PurposeBy adopting a multilevel approach, this paper aims to examine the relationships among employee creativity and creative personality, domain expertise (i.e. individual-level factors), non-controlling supervision style and organizational learning culture (i.e. team-level factors). It also investigates the cross-level interactions between individual differences and organizational context influencing employee creativity.Design/methodology/approachHierarchical linear modeling was performed to test the hypotheses using multisource data with 416 employees and their supervisors in 86 research and development teams.FindingsThis paper found that domain expertise and non-controlling supervision style are positively associated with employee creativity. Also, a positive moderating role of non-controlling supervision style was found in explaining the relationship between domain expertise and employee creativity. However, no significant relationship was found between creative personality and employee creativity, and there was no moderating effect of organizational learning culture. The paper discusses the theoretical implications of these findings and provides practical suggestions based on the findings.Originality/valueThis paper has begun to address the significant gap in the extant employee creativity literature and has departed from the common research practice of investigating creativity at a single level. It has expanded understanding of the antecedents of creativity with empirical evidence, as it revealed domain expertise and non-controlling supervision as influential factors. Further, domain expertise has generally positive effects on creative performance, whether non-controlling leadership is high or low. Additionally, this study brings an interesting insight in interpreting the contribution of organizational learning culture as measured by the Dimensions of Learning Organization Questionnaire to creativity and also affirms the importance of autonomy that increases intrinsic motivation and creativity. Another theoretical contribution of this study can be found from an intriguing contradiction in the literature that understands the role of expertise in creative performance. Moreover, the finding on non-controlling supervision supports the effectiveness of a freedom approach.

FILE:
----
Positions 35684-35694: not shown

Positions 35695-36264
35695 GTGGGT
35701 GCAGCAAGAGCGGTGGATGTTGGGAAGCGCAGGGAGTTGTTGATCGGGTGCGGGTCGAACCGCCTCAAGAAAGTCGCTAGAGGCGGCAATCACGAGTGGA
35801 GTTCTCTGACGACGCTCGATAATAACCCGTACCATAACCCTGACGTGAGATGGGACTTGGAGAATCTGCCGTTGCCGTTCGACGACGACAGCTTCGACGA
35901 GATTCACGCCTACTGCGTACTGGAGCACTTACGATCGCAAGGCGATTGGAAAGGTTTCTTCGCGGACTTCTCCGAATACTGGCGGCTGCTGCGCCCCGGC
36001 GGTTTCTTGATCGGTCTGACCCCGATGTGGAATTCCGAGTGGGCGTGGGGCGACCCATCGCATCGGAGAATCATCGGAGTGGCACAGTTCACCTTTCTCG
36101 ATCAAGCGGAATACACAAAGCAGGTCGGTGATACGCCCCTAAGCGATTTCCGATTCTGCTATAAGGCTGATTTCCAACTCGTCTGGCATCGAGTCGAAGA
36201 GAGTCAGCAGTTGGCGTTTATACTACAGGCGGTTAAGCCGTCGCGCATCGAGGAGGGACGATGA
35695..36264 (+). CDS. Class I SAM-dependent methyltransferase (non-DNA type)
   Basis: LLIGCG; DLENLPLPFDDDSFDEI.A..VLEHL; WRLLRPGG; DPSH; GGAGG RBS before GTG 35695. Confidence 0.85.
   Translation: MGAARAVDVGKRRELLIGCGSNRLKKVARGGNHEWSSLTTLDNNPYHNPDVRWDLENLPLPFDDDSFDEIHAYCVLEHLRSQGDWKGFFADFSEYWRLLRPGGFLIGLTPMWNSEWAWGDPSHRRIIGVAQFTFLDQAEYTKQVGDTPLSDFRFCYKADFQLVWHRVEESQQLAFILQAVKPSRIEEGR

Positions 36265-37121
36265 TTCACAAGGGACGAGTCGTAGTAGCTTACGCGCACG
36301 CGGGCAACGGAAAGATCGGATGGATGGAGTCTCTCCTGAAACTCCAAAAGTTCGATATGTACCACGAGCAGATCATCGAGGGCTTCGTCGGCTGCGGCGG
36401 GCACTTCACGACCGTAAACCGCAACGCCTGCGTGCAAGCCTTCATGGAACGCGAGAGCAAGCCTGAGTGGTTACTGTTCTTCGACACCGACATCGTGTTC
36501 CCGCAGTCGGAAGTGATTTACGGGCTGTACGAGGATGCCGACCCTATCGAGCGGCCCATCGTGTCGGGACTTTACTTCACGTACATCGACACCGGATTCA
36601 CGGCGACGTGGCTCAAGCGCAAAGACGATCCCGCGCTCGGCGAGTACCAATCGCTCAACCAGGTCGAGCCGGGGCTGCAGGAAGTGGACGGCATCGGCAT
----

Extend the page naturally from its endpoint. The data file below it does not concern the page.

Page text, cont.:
European Journal of Training and Development – Emerald Publishing
Published: Aug 7, 2017
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